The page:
1. Transportation

Florida ready to let you vote on new license plate designs

Published Nov. 16, 2012

TALLAHASSEE — The Florida Department of Highway Safety and Motor Vehicles has designed four new license tags, with sleek, smooth surfaces, better readability, and seven characters instead of the traditional six.

As for the plates' additional details, state officials want you to decide.

Florida is setting up a website — — so drivers can pick which plate they prefer. The website will go live for voting Nov. 26 to Dec. 14.

"We've found out people are really passionate about their license plates," said Kirsten Olsen-Doolan, spokeswoman for the department.

"We've gotten phone calls and letters, both to our agency and the Governor's Office. We wanted to give people an opportunity to weigh in."

A 20-person committee of law enforcement workers and state officials considered dozens of design choices. The four finalists have a citrus flair, with lime green fringe and a leafy Florida orange.

This is the state's first major step toward a redesign since elected officials, in October, protested a proposal by Highway Safety Chief Julie Jones to outsource some of the tags' distribution. Jones was poised to ask the state for $24 million to jumpstart the project, but the unexpected opposition prompted her to delay.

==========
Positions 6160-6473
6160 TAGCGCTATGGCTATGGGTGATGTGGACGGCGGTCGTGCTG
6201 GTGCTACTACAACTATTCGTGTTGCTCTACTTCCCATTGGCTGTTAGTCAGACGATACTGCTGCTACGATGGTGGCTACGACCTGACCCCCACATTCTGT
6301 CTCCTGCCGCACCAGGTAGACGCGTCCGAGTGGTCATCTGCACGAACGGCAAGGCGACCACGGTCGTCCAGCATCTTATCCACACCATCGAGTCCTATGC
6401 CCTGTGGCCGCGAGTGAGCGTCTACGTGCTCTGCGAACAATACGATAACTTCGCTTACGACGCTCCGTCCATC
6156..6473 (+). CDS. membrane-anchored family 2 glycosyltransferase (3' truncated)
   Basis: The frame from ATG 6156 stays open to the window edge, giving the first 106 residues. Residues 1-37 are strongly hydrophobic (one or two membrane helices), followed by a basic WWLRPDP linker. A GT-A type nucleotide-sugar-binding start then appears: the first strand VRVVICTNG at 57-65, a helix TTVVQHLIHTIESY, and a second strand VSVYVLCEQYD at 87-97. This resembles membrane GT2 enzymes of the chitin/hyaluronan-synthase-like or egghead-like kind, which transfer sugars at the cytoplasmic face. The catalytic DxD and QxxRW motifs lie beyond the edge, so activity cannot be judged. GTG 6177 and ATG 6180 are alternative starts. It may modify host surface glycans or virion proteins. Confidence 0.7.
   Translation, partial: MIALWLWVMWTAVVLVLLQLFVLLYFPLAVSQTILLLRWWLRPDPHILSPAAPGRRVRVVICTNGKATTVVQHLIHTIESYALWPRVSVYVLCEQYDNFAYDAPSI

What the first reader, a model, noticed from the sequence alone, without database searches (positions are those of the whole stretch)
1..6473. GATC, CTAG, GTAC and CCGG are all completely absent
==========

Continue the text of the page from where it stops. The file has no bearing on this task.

Release of the new plates is not expected until at least 2014.

But the change is needed, Olsen-Doolan said.

There are now so many plates on the road, Florida is in danger of running out of character combinations. And the new tags will be more modern, with characters that are flat, rather than raised, so that cameras at toll booths and intersections can read them more easily.

"We looked at best practices around the country," Olsen-Doolan said. "The law enforcement and public safety aspect of it is our first consideration."

Chuck Westphal, 54, a Lake Panasoffkee resident who has collected license tags for 35 years, said he prefers the look of the more antique tags and doesn't care much for the smooth new designs that have surfaced around the country.

"A lot of states are going flat, but I'm not so sure about that," he said, adding that he gets a new plate every two years for his Ford Windstar minivan. "It almost looks like something you'd find in a cereal box rather than something you'd see mounted on a car."